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I thought that was interesting, that section of the poll, because essentially what it did is kind of show that as long as your party is the one that's in control, sure secede, baby. Otherwise, no, thanks. And I thought that was valuable and instructive because, again, like I mean, some of this, I think is lumped into like partizan identity and cues, like when the polls were finding that 80 percent of Republicans didn't believe in the election results.

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There was a lot of political science that was like, well, some of that's partizan cheerleading that you're seeing. As we saw on January 6th, clearly a section of the Republican Party did not believe in the election results. But there is a danger, I think, in reading too much into this. And I kind of saw the regional breakdown as a way to kind of make sense of it, as, oh, sure, if I lived in a part of the country where my party could be in power, I might like secession.

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Right. I mean, it's easy to talk about it in the abstract. And I think it's worthwhile because, again, we know there are elements who could push for it in ways that would be more successful now that we've seen what happened in recent history, in American history. But also the more we sit here and chat about it, I'm like, well, then what happens when you end up in the region that doesn't shake with your politics? And we've seen that in other countries where you have the new boundary lines get drawn and then you have ethnic minorities who feel obligated or feel that it would be better for them to immigrate to a new country and then that creates a different type of crisis.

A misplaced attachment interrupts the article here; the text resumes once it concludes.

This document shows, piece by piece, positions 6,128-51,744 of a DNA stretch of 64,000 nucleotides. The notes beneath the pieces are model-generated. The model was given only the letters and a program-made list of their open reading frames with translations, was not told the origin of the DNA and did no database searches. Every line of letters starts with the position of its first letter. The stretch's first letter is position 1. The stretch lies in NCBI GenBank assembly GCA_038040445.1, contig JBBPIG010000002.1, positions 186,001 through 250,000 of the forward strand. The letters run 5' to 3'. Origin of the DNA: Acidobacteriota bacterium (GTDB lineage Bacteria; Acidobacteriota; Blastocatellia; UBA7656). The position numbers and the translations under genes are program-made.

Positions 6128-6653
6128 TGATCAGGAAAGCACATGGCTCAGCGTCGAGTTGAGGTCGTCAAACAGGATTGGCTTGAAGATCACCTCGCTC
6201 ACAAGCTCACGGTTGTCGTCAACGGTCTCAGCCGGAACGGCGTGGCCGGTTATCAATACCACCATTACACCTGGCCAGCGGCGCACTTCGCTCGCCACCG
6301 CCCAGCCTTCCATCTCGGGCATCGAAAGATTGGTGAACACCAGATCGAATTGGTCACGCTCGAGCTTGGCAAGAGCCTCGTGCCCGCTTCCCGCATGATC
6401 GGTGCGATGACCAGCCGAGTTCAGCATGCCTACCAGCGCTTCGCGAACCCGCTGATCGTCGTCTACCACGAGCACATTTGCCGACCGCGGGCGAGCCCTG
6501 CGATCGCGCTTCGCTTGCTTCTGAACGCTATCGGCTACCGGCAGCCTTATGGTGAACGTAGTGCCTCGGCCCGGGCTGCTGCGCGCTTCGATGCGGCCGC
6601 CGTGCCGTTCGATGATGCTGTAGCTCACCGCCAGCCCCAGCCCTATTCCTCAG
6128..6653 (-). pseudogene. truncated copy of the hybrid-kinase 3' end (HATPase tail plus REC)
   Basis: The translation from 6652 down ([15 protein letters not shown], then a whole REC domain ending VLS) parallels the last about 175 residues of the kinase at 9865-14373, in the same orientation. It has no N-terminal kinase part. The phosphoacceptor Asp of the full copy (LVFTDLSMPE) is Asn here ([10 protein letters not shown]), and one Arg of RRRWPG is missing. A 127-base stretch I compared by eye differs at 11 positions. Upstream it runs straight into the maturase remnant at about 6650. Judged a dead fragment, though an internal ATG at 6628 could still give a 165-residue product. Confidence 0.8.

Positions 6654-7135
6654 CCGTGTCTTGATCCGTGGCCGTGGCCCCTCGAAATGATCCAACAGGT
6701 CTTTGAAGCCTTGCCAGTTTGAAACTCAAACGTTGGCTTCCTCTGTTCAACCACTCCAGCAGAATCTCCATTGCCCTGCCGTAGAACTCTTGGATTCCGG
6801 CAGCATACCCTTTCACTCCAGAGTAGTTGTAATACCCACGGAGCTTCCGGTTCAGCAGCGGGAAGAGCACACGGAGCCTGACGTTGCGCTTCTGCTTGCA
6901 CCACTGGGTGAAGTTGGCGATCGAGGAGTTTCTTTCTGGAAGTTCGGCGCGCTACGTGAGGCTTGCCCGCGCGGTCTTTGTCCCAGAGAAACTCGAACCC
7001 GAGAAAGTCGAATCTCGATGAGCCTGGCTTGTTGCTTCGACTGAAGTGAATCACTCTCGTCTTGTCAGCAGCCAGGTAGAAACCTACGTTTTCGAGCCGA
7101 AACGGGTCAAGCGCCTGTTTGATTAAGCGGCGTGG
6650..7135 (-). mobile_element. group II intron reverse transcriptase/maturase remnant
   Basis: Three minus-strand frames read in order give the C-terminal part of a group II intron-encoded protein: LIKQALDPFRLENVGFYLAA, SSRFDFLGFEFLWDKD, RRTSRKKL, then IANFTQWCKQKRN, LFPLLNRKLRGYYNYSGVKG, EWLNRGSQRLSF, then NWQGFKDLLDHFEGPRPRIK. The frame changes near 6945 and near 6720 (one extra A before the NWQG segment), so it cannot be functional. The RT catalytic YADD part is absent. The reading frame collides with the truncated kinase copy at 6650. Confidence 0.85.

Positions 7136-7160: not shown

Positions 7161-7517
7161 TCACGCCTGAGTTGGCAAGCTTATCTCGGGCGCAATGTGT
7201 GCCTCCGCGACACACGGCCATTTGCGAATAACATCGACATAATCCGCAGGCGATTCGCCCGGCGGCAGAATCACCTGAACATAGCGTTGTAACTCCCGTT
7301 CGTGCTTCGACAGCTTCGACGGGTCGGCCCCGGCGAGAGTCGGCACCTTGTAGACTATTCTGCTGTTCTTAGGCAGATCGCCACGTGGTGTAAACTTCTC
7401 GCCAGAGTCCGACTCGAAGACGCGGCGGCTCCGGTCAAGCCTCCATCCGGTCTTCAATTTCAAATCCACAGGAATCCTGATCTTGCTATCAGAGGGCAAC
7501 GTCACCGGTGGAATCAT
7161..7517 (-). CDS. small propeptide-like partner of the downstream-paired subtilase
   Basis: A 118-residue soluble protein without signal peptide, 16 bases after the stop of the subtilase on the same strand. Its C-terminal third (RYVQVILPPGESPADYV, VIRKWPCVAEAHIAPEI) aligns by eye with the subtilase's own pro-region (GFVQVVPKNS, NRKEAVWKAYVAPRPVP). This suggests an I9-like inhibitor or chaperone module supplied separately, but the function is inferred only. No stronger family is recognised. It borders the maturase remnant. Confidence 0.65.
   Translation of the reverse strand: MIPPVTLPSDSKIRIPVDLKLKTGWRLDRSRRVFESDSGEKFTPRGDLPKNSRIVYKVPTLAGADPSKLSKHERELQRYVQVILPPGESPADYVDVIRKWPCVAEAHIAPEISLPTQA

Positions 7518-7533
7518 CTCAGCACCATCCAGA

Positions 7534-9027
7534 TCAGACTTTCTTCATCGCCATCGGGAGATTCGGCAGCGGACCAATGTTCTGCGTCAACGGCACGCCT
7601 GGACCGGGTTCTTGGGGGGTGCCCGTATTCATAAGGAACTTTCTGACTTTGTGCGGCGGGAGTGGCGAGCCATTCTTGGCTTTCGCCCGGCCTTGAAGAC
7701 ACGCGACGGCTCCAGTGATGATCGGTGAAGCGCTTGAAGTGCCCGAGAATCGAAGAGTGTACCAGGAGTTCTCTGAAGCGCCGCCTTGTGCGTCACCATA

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So don't get me wrong, I'm not saying it would be easy or feasible. Again, as we're talking about. I'm like, so what happens when all the black folks in the Deep South decide they would really have a better time if they were able to move to that new country up in the northeast that seems to line up with their politics better or has better opportunities because they feel like this new ultra conservative country doesn't speak to them. And that would create a whole nother issue.

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So, you know, it's weird to try to talk about it and try to figure it out in your brain. But I think we should be talking about it because politically, there are elements who are pushing these types of things on both extremes of the political spectrum. And we should be talking about it.

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I mean, we should be emphasized like unlike adding a state to the union, there is not a clear constitutional mechanism in place for removing a state. So you have to if you were doing it peacefully, you'd have to probably pass a constitutional amendment to outline the terms for that. And that's a high threshold, obviously.

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Yeah, I think it's important also to emphasize what Sarah said, which is like a lot of this is partizanship. And I would be curious, they didn't ask this poll question when Trump was in office. But if we would have seen different numbers for Republicans and Democrats right now writ large, Republicans are more in favor of breaking up the country. But there's also a Democratic administration running Washington. You know, when Trump was in office, would you have seen those numbers reversed for Democrats?

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The other complication here is that a lot of our political divides in America are more specific than region based there, urban and rural. And like in that sense, we're stuck with each other. Right. You know, you can't break up regions and have one region that's the cities and one region. That's the rural areas. And so this question is a weird one for the political divides that we see in America right now.